16. Atmospheric transport of radionuclides emitted due to wildfires near the Chernobyl Nuclear Power Plant in 2015

    NASA Astrophysics Data System (ADS)

    Evangeliou, Nikolaos; Zibtsev, Sergey; Myroniuk, Viktor; Zhurba, Marina; Hamburger, Thomas; Stohl, Andreas; Balkanski, Yves; Paugam, Ronan; Mousseau, Timothy A.; Møller, Anders P.; Kireev, Sergey I.

    2016-04-01

    In 2015, two major fires in the Chernobyl Exclusion Zone (CEZ) have caused concerns about the secondary radioactive contamination that might have spread over Europe. The total active burned area was estimated to be about 15,000 hectares, of which 9000 hectares burned in April and 6000 hectares in August. The present paper aims to assess, for the first time, the transport and impact of these fires over Europe. For this reason, direct observations of the prevailing deposition levels of 137Cs and 90Sr, 238Pu, 239Pu, 240Pu and 241Am in the CEZ were processed together with burned area estimates. Based on literature reports, we made the conservative assumption that 20% of the deposited labile radionuclides 137Cs and 90Sr, and 10% of the more refractory 238Pu, 239Pu, 240Pu and 241Am, were resuspended by the fires. We estimate that about 10.9 TBq of 137Cs, 1.5 TBq of 90Sr, 7.8 GBq of 238Pu, 6.3 GBq of 239Pu, 9.4 GBq of 240Pu and 29.7 GBq of 241Am were released from both fire events. These releases could be classified as of "Level 3" on the relative INES (International Nuclear Events Scale) scale, which corresponds to a serious incident, in which non-lethal deterministic effects are expected from radiation. To simulate the dispersion of the resuspended radionuclides in the atmosphere and their deposition onto the terrestrial environment, we used a Lagrangian dispersion model. Spring fires redistributed radionuclides over the northern and eastern parts of Europe, while the summer fires also affected Central and Southern Europe. The more labile elements escaped more easily from the CEZ and then reached and deposited in areas far from the source, whereas the larger refractory particles were removed more efficiently from the atmosphere and thus did mainly affect the CEZ and its vicinity. For the spring 2015 fires, we estimate that about 80% of 137Cs and 90Sr and about 69% of 238Pu, 239Pu, 240Pu and 241Am were deposited over areas outside the CEZ. 93% of the labile and 97% of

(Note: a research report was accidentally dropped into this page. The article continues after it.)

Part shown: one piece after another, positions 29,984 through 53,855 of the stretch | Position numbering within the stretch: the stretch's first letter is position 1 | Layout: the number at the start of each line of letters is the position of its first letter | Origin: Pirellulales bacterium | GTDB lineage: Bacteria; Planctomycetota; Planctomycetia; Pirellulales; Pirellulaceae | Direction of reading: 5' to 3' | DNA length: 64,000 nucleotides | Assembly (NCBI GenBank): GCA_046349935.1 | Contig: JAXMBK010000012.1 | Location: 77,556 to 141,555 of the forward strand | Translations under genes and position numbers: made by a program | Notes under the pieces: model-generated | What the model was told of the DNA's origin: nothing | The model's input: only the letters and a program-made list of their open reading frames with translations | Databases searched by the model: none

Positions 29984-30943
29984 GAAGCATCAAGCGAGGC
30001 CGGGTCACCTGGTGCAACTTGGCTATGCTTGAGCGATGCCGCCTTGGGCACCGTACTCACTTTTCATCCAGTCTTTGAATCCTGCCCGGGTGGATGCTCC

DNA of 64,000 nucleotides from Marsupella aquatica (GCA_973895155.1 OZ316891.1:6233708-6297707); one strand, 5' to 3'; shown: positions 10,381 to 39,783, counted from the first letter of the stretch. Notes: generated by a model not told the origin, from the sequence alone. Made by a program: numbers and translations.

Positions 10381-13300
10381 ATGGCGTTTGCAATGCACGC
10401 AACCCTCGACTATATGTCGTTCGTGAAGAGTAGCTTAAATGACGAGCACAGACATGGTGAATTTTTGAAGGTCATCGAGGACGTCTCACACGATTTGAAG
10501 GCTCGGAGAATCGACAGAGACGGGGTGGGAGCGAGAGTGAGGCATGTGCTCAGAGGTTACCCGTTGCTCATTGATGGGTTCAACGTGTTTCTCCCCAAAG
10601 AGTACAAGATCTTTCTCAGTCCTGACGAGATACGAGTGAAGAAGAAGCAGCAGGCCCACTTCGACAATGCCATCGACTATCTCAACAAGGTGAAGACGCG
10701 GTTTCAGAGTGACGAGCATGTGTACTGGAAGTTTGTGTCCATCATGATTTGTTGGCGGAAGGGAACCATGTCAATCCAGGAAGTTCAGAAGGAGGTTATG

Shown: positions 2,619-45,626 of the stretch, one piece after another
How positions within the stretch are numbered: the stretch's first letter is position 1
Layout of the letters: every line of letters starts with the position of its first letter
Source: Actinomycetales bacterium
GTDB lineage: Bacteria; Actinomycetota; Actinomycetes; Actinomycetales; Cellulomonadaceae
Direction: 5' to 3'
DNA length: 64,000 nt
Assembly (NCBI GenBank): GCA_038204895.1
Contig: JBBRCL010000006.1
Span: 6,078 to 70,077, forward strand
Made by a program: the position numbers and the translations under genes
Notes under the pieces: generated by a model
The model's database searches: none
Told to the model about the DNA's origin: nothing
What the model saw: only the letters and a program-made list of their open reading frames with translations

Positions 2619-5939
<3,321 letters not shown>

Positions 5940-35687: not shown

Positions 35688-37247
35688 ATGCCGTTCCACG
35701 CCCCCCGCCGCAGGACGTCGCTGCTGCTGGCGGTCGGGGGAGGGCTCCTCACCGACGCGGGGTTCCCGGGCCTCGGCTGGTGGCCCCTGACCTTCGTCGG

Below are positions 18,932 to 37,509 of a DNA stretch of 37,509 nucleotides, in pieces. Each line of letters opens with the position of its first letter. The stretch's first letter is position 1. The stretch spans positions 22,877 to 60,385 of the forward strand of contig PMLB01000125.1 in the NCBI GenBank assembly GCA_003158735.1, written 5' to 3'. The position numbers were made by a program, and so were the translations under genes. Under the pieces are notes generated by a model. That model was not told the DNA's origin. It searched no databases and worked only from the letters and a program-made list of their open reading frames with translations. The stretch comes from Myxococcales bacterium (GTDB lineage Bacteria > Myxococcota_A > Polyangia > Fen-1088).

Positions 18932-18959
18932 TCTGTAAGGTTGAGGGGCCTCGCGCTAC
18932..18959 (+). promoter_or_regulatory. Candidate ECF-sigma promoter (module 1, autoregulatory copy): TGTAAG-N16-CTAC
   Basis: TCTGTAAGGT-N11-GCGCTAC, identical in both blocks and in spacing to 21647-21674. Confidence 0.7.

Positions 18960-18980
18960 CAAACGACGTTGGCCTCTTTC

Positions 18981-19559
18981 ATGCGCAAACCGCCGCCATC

17. LITERATURE REVIEW ON MAXIMUM LOADING OF RADIONUCLIDES ON CRYSTALLINE SILICOTITANATE

    SciTech Connect

    Adu-Wusu, K.; Pennebaker, F.

    2010-10-13

    Plans are underway to use small column ion exchange (SCIX) units installed in high-level waste tanks to remove Cs-137 from highly alkaline salt solutions at Savannah River Site. The ion exchange material slated for the SCIX project is engineered or granular crystalline silicotitanate (CST). Information on the maximum loading of radionuclides on CST is needed by Savannah River Remediation for safety evaluations. A literature review has been conducted that culminated in the estimation of the maximum loading of all but one of the radionuclides of interest (Cs-137, Sr-90, Ba-137m, Pu-238, Pu-239, Pu-240, Pu-241, Am-241, and Cm-244). No data was found for Cm-244.

  18. MANTRA: An Integral Reactor Physics Experiment to Infer Actinide Capture Cross-sections from Thorium to Californium with Accelerator Mass Spectrometry